U.S. Energy News

Pope urges oil companies not to destroy civilization

CLIMATE: In a two-day conference at the Vatican, Pope Francis warns oil companies that expanding energy access “must not destroy civilization” in the process. (Associated Press)

• First Solar breaks ground on a $400 million thin-film solar panel production facility in Ohio that will be the largest solar factory by capacity in the Western Hemisphere. (Toledo Blade)
• As independent solar developers look to build utility-scale projects in Michigan, the approval of a 1,100 MW natural gas plant may limit their opportunities. (Midwest Energy News)

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• Critics of President Trump’s plan to bail out uneconomic coal and nuclear plants call it a form of “Trump socialism” that is about “favors and political paybacks.” (Toledo Blade)
• One legal expert calls the plan “a mystery and a mess” as a string of lawsuits are anticipated if it moves forward. (E&E News)
• A natural gas pipeline group says the plan to help coal and nuclear plants is an attempt to “punish” the gas industry. (Utility Dive)
• The plan could lead to higher electricity prices in West Virginia, warn consumer advocates and regional electric grid representatives. (Charleston Gazette-Mail)
• A Wyoming economist says the plan would have minimal impact on the state’s coal industry. (Gillette News Record)

• Massachusetts lawmakers will take up a bill this week that would accelerate clean energy requirements, including a 2,000 MW storage requirement and authorizing 5,000 MW of offshore wind. (CommonWealth Magazine)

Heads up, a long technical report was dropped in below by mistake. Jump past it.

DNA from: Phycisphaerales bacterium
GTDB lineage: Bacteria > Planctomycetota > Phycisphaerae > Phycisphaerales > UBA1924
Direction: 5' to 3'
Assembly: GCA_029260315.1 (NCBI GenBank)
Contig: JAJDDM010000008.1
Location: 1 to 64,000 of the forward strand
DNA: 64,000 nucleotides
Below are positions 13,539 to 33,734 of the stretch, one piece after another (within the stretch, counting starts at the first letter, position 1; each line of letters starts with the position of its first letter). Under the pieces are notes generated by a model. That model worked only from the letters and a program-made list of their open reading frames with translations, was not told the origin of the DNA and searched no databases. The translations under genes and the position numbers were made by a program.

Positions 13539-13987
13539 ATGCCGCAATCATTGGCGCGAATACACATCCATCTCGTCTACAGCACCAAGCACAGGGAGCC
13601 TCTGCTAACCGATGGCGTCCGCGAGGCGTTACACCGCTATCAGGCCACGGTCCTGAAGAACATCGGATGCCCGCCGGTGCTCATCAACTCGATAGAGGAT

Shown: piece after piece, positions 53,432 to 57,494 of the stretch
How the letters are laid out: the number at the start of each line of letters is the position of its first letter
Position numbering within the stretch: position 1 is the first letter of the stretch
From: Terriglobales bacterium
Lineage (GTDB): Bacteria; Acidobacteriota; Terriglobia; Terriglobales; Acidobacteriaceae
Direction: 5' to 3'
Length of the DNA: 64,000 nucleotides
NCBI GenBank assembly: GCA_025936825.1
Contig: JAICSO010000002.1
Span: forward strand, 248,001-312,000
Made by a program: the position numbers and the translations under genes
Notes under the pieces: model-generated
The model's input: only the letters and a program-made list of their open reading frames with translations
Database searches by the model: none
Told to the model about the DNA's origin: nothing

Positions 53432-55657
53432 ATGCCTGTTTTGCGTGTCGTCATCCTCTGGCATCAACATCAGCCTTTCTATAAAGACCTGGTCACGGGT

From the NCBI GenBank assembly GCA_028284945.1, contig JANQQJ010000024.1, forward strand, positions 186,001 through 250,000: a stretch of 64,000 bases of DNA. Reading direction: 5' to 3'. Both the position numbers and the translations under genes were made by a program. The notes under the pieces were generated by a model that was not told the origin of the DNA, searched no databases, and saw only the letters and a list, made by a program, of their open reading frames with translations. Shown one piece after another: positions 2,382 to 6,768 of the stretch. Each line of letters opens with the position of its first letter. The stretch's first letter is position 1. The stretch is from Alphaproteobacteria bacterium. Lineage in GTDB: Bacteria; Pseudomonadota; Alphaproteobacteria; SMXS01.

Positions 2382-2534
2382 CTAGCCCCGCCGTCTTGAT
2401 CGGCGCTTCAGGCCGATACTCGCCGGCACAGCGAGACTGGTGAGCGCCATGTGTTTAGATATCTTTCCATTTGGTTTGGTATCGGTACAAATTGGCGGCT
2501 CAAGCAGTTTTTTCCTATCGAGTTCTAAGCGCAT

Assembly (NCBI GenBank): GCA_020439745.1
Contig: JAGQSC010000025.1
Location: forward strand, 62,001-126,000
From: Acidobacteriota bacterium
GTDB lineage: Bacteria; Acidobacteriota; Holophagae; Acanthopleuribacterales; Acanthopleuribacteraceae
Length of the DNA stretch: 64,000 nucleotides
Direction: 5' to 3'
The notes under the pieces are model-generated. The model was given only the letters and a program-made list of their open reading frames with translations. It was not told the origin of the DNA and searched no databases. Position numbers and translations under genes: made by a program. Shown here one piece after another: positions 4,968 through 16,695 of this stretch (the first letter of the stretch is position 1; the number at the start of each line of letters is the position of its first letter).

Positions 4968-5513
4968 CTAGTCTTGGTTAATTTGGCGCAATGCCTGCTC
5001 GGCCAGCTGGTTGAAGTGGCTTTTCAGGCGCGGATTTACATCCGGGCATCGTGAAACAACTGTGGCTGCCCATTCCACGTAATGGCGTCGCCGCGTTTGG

• More than 200 city mayors endorse a 100-percent renewable energy goal at the U.S. Conference of Mayors in Boston. (Huffington Post)
• Only 1 in 5 Southeastern cities recently surveyed have emissions reduction goals, but half expect to install more renewable energy, according to a nonprofit group. (InsideClimate News)

NATURAL GAS: Pipeline outages along with restrictions on storage could lead to natural gas shortages in Southern California this winter. (Ars Technica)

CARBON CAPTURE: Experts remain divided on the potential of carbon capture. (Greentech Media)

UTILITIES: A state investigation into the cause of last year’s wildfires in California could pave the way for victims to sue a utility for damages and prevent it from passing on the cost to customers. (San Francisco Chronicle)

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POLITICS: The top three donors in the current Nevada election cycle are funneling money toward an energy choice ballot measure. (Las Vegas Review-Journal)

• A clean energy advocate says President Trump’s “unprecedented intervention in electricity markets” will result in higher prices for consumers. (The Hill)
• Why economic models may be drastically underestimating the costs of climate change. (Vox)

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